Image I’ve been asked to write a bit more about auditioning, and it will be just a bit. The fact is, there’s not too much more to say about the process. It’s different every time, and you never know until you enter that room what you’re up against, it’s impossible to prepare for it all. I compare it to skating on thin ice, or tap dancing. As I said before, once you can act and get the audition, it really boils down to if you have the look they had in mind, and if they believe you can pull off the part and make them money. 

That said, there are a couple of things that you can do that work, pretty exclusively, for auditions. This is what is called the process of ‘cold reading.’ 

Look, when you go out for a film or television role, it’s very likely that the second you walk through that door and they get a look at you, you are a possibility, or you might as well just go home. If you have a look that they think will work, they might pay attention to your reading. If not, they’ll study their notes while you read and smile you out with those fateful words, “Nice job, thanks for coming in.” Death.

Unless this is a final call back, and you’ve had some time with the script and a chance to talk to the casting director, you have to wing it as far as choices go. You are in an office, performing a scene that takes place in a bar or a war, or at a zoo, so there’s no help there. You are reading across from the casting director’s non-acting assistant/secretary, so that’s not much to go off of. You don’t have time to work up a big history or scenario, so, provided you still have their attention once you take a seat, here’s what you do. 

Put your feet flat on the floor, take a deep breath, look your reading partner in the eye, and see what comes up! When this works, and you can produce something ‘real,’ it is often wonderful work. It’s true, honest, from the gut, and quite fun when you hook in. 

But it’s death when you don’t. If you haven’t prepared sensory background work to produce emotions, or created a history for this character, then if the words and the moment don’t strike you, it’ll be roadkill-flat. 

This style of working also does not work when you are on a set and it’s the 37th take. (I’ve had more than that.) Ironically, the hardest work to do repetitiously is laughter. Something that strikes you as funny once, won’t hold for multiple takes, so you have to go to a physical exercise to produce the feeling in your gut, and then, once you start laughing, it feels really good. In fact, I recommend this next trick as a daily exercise. 

Relax, get comfortable. Exhale fully, push the air out, and you will feel it in your solar plexus. Great, now, keep doing this until you sort of force a little laugh sound from just below your ribcage/stomach, just a little huh, huh, sound. Keep on it, and pretty soon, you will be laughing for no apparent reason and the laughing makes you laugh, so…

Great stuff. You can get the same kind of reaction by singing. When I was doing Cabaret, I had to train my voice for several weeks before, and everyday after practice, I would feel elated! It produces the same emotional-physical response as laughing. This makes sense, as both singing and laughing come from the same area of your body, and initiate a similar dopamine response.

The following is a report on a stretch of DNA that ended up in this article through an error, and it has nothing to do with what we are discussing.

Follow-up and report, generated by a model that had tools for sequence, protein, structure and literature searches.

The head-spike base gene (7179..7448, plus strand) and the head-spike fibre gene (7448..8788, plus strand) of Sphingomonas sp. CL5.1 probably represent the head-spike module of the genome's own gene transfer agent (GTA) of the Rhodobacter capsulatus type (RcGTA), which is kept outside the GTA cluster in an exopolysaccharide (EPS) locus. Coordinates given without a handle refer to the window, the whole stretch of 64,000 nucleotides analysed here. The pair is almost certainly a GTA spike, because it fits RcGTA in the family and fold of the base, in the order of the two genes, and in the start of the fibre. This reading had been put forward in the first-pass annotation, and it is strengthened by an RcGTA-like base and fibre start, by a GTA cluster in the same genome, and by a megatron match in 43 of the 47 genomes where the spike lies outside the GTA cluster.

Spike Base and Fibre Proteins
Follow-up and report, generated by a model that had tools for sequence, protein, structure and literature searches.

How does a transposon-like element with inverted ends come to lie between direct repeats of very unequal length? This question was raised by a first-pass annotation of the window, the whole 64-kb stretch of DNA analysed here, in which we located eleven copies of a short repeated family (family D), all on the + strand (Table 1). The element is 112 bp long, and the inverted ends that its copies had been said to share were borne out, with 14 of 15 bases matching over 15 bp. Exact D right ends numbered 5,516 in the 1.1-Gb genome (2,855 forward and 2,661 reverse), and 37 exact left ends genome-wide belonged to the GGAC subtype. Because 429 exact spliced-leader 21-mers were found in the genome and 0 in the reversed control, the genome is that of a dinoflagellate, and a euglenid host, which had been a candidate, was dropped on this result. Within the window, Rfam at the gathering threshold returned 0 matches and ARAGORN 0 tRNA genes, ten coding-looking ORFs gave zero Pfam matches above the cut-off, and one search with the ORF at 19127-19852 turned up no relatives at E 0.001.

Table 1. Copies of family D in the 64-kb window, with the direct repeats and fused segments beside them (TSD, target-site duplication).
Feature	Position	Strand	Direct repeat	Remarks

And then there’s the personality factor. What kind of human will I meet today? It was a nasty day in New York when I met Steven Spielberg. He was casting for the second Indiana Jones movie and the first meeting was just a ‘hello, let’s chat’ kind of thing. It was sleeting outside, one of those filthy, icy cold days when you can’t get a cab, and even a short walk along the street left you with a red-runny nose, limp hair and streaked makeup. I headed for the subway, where I was accosted by a nasty gang of teenagers, got out of that one, walked twenty five blocks in slush and sleet to the meeting and entered in a foul, shaky mood. 

Steven was very nice, we talked about the recent hurricane style bad weather that was hitting L.A. and how many people had lost their homes to mudslides and storms. And when he told me that his Malibu house’s volleyball court had been washed away with what seemed to be a sincere annoyance with the inconvenience, I stood up and kicked him in the shins. 

Okay, probably not the smartest thing to do, but I was in a weird place. Needless to say, he fell in love with Kate Capshaw, who got the part, and I have never seen him again. But you know what? It could have gone the other way. He could have thought that I was spunky and perfect for the part. The fact is, you don’t know. 

So once again, here’s my auditioning advice.

1. Learn to act. 

2. Be ready for anything, especially total rejection. 

3. Wing it, you have no options. 

4. Be pleasant, confident, and if possible, amusing. 

5. Let it go. 

And that’s about it. There are a thousand things you can do to prepare, some will come in handy, some will be useless. You just don’t know until you get there. 

Just like life. Be pleasant, confident, and whenever possible, amusing. 

And if it doesn’t come out the way you wanted, let it go. 

Shari, November 10th, 2012